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Is there anything new on Turkiye’s path towards Europe?

August 8, 2023 at 9:16 am

Turkish President Recep Tayyip Erdogan gives a speech after the cabinet meeting at the Presidential Complex in Ankara, Turkiye on August 07, 2023 [Doğukan Keskinkılıç/Anadolu Agency ]

As usual, Turkish President Recep Tayyeb Erdogan has made another political U-turn with his country’s foreign policy. After stressing repeatedly just a few days before the NATO summit in Lithuania last month that Sweden has still not done all that is required of it to Turkiye’s satisfaction as agreed (along with Finland) in June last year, and criticising the Swedes for allowing protesters to burn copies of the Holy Quran, Erdogan has agreed to proceed with the country joining NATO.

Following a meeting between Erdogan, the Swedish Prime Minister and NATO’s secretary-general, the organisation’s closing statement included Turkiye’s agreement to refer Sweden’s NATO accession to the parliament in Ankara. In return, Sweden made certain commitments, including cooperation with Turkiye to combat terrorism, as well as support for Turkiye’s accession to the EU.

This was seen as a successful manoeuvre by Erdogan, as he linked the issue of Sweden’s membership of NATO to his country’s rights, and there are potential gains with other parties. He has basically made Sweden part of his negotiations with the West in general. Some sources said that Ankara’s approval came after obtaining promises that the US would complete the F-16 fighter aircraft deal with Turkiye, which includes selling new planes and developing those it already has. According to a Turkish official cited by Bloomberg, Turkiye has also been promised the acceleration of its accession to the EU.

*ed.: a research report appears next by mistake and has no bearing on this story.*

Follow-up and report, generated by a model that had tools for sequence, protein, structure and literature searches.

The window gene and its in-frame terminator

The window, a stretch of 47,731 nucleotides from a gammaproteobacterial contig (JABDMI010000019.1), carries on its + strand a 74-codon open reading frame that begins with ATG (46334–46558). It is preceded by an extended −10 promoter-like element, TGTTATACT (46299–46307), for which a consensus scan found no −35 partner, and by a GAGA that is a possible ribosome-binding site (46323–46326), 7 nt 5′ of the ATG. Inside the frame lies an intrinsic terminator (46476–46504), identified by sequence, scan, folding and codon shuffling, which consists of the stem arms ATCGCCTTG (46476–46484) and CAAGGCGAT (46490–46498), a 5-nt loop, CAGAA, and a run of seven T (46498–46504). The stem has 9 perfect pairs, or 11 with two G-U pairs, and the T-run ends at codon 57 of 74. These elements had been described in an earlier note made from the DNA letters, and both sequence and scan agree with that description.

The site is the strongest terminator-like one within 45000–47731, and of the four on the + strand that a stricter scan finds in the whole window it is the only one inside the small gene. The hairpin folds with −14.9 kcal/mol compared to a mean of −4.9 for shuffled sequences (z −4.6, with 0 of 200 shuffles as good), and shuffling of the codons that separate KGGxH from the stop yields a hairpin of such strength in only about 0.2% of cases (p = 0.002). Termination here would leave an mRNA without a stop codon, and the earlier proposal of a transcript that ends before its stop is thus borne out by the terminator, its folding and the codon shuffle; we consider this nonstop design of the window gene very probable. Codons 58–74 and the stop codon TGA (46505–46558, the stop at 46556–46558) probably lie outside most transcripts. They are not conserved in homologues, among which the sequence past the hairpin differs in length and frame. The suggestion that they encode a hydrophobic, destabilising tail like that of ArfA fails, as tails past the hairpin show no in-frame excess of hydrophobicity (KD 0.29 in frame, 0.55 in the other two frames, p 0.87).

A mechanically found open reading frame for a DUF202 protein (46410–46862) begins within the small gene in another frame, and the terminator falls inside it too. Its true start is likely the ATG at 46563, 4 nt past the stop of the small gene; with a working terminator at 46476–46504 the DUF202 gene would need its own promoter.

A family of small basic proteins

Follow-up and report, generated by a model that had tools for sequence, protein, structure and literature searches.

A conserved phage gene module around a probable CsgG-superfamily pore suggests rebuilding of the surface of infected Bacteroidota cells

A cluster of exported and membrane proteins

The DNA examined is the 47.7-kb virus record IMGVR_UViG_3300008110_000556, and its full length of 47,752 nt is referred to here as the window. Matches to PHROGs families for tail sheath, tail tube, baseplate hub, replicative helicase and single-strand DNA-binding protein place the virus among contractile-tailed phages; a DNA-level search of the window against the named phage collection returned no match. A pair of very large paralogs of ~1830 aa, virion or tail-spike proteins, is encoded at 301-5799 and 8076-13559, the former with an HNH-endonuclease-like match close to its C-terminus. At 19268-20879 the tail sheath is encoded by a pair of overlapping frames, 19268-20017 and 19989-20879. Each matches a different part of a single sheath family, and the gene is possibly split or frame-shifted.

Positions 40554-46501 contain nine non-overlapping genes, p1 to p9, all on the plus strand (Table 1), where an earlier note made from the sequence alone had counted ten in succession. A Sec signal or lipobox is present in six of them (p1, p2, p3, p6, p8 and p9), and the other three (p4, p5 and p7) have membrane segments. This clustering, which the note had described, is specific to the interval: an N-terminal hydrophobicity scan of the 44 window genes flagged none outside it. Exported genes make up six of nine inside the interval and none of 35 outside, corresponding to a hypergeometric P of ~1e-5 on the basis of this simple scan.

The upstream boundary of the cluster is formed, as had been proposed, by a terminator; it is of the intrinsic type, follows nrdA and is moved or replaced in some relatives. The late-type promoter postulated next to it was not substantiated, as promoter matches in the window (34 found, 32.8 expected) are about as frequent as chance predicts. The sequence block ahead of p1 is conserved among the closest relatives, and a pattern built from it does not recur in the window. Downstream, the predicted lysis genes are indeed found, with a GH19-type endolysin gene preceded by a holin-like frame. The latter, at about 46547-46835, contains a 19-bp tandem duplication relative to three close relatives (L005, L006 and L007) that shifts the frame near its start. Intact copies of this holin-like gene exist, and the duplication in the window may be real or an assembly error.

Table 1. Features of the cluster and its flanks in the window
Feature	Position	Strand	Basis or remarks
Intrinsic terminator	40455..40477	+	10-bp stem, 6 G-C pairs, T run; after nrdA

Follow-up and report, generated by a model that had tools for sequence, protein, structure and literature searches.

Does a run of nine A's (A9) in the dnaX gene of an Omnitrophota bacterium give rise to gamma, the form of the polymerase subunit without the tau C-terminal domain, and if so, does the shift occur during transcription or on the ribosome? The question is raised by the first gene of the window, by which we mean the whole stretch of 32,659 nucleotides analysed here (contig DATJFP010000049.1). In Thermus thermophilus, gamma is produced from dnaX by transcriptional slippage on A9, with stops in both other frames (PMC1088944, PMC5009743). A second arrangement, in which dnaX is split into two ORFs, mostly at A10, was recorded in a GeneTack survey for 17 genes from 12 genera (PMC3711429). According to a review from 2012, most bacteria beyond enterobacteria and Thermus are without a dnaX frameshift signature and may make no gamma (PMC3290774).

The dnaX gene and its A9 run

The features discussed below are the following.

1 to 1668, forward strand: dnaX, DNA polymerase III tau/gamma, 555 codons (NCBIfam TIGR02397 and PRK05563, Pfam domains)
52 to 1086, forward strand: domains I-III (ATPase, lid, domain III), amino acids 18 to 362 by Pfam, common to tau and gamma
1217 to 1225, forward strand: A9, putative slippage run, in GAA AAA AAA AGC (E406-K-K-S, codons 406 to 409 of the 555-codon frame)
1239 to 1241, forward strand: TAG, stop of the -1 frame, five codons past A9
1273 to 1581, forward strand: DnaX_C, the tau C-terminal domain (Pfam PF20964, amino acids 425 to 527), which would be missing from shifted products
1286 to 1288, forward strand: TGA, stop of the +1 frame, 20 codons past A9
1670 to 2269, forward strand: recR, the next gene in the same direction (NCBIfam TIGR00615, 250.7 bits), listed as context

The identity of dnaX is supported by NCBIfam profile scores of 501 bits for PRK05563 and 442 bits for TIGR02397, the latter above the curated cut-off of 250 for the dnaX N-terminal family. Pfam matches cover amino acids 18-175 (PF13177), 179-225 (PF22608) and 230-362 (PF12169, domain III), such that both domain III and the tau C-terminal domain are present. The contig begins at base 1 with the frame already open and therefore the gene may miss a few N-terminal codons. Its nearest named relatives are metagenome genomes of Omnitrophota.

Does this mean that Turkiye’s path towards EU membership is about to conclude because of the West’s need for Sweden to join NATO? There is no doubt that Ankara has made a diplomatic breakthrough by addressing the Swedish matter within its package of outstanding issues with the West, as well as making some potential gains for itself simply by agreeing to refer Sweden’s NATO membership to parliament. Moreover, the agreement as announced — and all that is unspoken — supports the Turkish narrative regarding Western double standards in its dealings with Ankara with regard to combating terrorism and NATO-EU issues.

NATO chief: Sweden fulfilled Turkiye’s demands to join alliance

However, Turkiye has not used all of the cards in its hand regarding the Swedish issue. It will be some time before the matter is presented to parliament for approval, leaving Erdogan some margin for manoeuvre if necessary.

Whether all of this means that Ankara’s European dream will come true soon remains to be seen. I believe that Turkiye’s cards related to Sweden and the West’s need for Turkiye within NATO in the confrontation with Russia make it likely that there will be concrete steps towards EU membership in the near future. However, the process is still unlikely to be rushed through.